Dueling became entrenched in European culture, in spite of  the varied efforts by monarchs to ban the practice. In “The Dishonor of Dueling,” Ariel Roth states: "within a two-decade period under Henry IV of France (1553-1610), 4000 duel-related deaths were recorded and also within a similar time frame, under Louis XIII (1601-1643), 8000 murder-related pardons were issued to the surviving duelist utilizing a self-defense argument."

The Age of the Gentleman
Proponents defended the practice of dueling as an essential part of upholding civility.  In the 18th Century,  conformity to a rigid set of rules regarding etiquette and behavior became sacrosanct not only within aristocratic circles but amongst the  growing upwardly mobile Bourgeoisie.  This was believed essential to the orderly functioning of society.  Books and periodicals which set forth the specifics were all the rage. A step-by-step how-to included ways to conduct debate and conversation: to address others with elegance, and what constituted proper dress and  mannerisms.  In the age of the “Gentleman,” you wanted to be one.  Blunt talk was out; subtext and innuendo were in. Check out that scene between Jamie and Black Jack at Versailles (Outlander: Episode 205).  Anger and confrontation found an outlet in the duel. Scholars including the esteemed British essayist/author, Samuel Johnson (1709-1784) defended the practice:

         “A man may shoot the man who invades his character as he may shoot him who attempts to break into his house”

I Second that Emotion
WWJD – What Would Jamie Do?   

How the formal duel would be initiated:

1. Jamie would issue a formal challenge.  
2. The “seconds”, usually trusted friends (Murtagh), would negotiate a possible “peaceful’ resolution to the conflict. (In Jamie’s case however, this was not even a consideration). 
3. If nonviolent resolution was not possible, the conditions including date, time and endpoints, were set.  These details could take weeks or months to hash out before the actual duel took place.  
4. The challenged party (Black Jack) was given the choice of weapon. Defensive equipment such as shields, armor or helmet was unacceptable.

Armed and Dangerous
The weapon of choice for an 18th century aristocrat was the saber. Sabers were a curved variant of the backsword or as a Highlander would call it , claidheamh cuil.  A single-edged cutting blade with a flat back edge, and  single handed grip with knuckle guard, its mastery required skill and training.  Eventually when pistols became in vogue, — it democratized the event so it was accessible to the Middle Class since guns did not require as much time investment to master. 

Cultural Catch Up
“Cultural adaptations that may have been functional at some point persist even when the conditions that gave rise to them are gone….cultural lag”- The Psychological Foundations of Culture.  JA Vandello and D Cohen (2004).  

Approaching the Modern era, Western culture moved from an honor-based society to a culture of law. What does that mean?  With strong centralized authorities which can support a codified system of justice in conjunction with a police force that can enforce obedience to the law, a social contract was made with members of society. People willingly give up  some personal, individual freedoms, such as retaliation against criminal actions, because there is a trust in a system that will punish the transgressor.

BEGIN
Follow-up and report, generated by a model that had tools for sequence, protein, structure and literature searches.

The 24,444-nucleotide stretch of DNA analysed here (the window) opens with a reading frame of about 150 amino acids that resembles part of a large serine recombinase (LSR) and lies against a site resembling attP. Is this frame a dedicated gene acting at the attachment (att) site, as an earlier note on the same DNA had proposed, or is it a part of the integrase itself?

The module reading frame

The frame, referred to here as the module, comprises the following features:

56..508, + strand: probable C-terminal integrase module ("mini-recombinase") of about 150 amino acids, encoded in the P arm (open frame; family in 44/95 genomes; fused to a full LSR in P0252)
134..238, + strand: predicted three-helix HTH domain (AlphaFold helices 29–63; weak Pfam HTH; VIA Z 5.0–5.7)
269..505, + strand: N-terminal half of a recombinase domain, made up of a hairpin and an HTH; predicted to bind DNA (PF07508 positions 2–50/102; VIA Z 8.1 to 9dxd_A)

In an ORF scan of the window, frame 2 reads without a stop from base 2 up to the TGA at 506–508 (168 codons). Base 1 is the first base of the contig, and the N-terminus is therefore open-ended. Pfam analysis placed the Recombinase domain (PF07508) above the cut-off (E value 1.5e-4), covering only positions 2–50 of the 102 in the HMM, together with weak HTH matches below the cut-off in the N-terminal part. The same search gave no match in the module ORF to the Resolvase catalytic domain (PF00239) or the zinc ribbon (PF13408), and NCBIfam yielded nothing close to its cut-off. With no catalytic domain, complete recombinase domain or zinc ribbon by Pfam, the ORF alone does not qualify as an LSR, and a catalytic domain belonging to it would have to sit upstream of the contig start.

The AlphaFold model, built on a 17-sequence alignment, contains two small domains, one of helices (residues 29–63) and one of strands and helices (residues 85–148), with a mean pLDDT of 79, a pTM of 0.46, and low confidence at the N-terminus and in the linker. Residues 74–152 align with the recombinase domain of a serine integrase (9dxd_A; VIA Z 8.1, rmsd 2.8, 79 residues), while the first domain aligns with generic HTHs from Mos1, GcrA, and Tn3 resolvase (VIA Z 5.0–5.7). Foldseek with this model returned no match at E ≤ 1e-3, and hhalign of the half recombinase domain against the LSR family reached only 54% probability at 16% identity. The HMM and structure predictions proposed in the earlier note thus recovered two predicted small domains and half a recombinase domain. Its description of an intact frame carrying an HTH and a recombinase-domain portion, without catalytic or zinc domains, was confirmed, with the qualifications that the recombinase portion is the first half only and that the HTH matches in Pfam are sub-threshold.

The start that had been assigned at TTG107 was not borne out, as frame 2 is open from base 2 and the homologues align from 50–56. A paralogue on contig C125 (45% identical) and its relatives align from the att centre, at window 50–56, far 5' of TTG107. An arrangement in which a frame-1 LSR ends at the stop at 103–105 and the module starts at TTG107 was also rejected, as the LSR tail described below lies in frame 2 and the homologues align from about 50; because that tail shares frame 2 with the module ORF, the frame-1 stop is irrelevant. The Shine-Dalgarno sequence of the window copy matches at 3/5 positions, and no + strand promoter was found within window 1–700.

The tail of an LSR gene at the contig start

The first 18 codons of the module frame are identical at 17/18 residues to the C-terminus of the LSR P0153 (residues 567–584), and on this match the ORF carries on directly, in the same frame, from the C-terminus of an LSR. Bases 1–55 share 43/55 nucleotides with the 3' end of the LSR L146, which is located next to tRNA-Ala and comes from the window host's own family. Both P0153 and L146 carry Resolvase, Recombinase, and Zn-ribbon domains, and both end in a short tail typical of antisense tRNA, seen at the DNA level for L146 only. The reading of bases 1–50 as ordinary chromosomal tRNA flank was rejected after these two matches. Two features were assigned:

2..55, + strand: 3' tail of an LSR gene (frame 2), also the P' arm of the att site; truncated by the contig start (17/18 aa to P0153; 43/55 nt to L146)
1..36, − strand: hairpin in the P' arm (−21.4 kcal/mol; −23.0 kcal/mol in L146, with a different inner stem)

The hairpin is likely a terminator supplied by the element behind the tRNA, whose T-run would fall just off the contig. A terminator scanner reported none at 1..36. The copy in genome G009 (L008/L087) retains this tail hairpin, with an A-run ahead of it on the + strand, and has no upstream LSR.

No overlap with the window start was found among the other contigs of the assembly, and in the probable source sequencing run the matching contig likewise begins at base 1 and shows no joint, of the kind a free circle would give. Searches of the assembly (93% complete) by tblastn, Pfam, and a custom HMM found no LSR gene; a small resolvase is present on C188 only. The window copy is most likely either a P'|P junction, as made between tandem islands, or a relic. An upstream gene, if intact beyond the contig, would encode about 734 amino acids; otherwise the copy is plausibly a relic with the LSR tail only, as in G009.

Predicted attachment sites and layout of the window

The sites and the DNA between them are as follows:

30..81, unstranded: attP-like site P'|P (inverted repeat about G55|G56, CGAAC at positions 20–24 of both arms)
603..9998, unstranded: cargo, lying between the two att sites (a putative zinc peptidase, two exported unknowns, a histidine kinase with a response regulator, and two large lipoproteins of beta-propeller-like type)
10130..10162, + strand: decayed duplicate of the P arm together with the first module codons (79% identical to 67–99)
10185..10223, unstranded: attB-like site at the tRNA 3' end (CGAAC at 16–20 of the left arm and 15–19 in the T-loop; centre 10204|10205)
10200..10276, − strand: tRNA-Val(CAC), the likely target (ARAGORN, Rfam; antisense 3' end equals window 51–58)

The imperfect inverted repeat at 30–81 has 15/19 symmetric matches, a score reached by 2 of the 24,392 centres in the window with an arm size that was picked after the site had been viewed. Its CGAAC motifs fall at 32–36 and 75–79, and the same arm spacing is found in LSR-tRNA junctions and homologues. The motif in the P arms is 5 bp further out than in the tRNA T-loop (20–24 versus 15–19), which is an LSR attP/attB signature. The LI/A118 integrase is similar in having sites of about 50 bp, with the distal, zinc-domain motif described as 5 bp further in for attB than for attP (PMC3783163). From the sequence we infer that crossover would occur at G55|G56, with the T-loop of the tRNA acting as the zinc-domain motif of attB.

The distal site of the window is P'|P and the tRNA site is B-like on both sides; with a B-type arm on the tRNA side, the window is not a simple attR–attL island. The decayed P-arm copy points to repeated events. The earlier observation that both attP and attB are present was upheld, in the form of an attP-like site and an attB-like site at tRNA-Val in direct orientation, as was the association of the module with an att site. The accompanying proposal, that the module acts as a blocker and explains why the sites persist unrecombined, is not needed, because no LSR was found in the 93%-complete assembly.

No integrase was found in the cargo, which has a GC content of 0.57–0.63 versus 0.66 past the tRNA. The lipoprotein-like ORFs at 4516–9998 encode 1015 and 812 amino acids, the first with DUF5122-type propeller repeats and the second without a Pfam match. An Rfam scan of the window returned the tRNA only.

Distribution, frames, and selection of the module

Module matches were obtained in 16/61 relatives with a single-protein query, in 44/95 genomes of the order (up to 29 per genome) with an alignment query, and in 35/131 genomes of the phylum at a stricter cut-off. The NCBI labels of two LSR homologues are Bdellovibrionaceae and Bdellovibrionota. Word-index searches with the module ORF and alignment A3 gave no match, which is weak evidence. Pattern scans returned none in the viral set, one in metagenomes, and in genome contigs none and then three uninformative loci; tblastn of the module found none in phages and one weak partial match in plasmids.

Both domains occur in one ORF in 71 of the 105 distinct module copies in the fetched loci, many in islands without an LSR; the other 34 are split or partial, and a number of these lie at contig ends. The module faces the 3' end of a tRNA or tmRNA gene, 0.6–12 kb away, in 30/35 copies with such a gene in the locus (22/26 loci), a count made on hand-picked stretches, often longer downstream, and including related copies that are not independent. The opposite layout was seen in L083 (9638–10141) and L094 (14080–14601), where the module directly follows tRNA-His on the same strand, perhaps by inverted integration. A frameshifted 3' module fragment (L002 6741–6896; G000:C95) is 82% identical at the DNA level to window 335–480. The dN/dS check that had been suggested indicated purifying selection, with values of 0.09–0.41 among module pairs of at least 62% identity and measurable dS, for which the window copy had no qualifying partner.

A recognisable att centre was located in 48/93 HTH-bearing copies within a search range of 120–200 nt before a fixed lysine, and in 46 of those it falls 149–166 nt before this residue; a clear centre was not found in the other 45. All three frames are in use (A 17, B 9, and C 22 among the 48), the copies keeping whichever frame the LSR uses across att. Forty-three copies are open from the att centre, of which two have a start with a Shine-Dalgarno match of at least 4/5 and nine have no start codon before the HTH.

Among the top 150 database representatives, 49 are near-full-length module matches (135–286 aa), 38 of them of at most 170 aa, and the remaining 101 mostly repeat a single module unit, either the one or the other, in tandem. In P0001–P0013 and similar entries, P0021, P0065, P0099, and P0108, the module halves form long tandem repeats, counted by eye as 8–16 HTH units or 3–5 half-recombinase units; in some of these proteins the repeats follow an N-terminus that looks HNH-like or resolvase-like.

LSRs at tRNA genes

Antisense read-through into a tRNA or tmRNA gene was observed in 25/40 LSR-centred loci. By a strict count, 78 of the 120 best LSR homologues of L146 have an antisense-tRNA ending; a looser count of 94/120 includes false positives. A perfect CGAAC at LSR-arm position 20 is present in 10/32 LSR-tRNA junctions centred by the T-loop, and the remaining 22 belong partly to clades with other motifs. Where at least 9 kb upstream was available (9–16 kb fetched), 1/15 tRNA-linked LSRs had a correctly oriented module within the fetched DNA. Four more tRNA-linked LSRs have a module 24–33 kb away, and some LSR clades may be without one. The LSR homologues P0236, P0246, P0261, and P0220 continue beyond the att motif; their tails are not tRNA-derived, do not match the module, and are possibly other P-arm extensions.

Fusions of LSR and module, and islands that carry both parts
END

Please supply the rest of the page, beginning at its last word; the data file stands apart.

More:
The reality was that the “guilty” were not always on the losing end of that saber. While establishing a mutual respect was the goal, the duel of honor lost its veneer as it was quite often trivialized  and even worse, served as a platform for criminally motivated aggression. Views on violence, as well as honor, changed with the Age of Enlightenment,  while a bit later the Industrial Revolution would place greater value on skill/achievement  (rather than who you knew) for advancement.  As far as reputation and defending it-that moved into the burgeoning realm of printed media (Book fans will be familiar with how that pops up in later books and I hope we get to see it in future seasons —are you listening Sony/Starz?)

Back to Jamie
As mentioned earlier, honor was not an issue of patronage or a certain perception he wanted to present to society. Jamie’s definition of honor was his inner spiritual  core, what defined him as person and yes, a man.  Black Jack brutally defiled it. Ironically, Randall  was also part of the established culture of law - and therefore, Jamie, labeled a criminal already by that system, could in no way obtain the justice he so desperately sought.  Likewise, psychological trauma, and how it was addressed, is a modern construct, and therefore not something Jamie could relate to as a way to rebuild his fortress.  It  was not only justice for him; Jamie wanted a redemption of his soul and for him, that could only be accomplished through his hands…or with a sword.


  1. Interesting, thanks for sharing.

  2. Fabulous article. We get a real sense of what the duel means for the times and for Jamie. It is also interesting that the process of executing the actual duel wasn't immediate, but rather progressed over a period of time.

  3. I thought it was because BJR hurt the little boy? To me that would make sense why he would go back on his word.

    1. Hello, thank you for your comment. Jamie agreed to delay the duel for the reasons he initially gave Claire in episode 206 (and as I mentioned, most duels were planned events). The reasons for issuing the duel remained the same--the fact that he broke the promise does not invalidate his underlying reasons. Fergus' rape added a new layer to Jamie's definition of honor and this one- he could not sanction a delay. The fact that it was a child--added a much more emotionally volatile response from Jamie unlike his initial invitation to duel which was calm, calculated. - Sara M.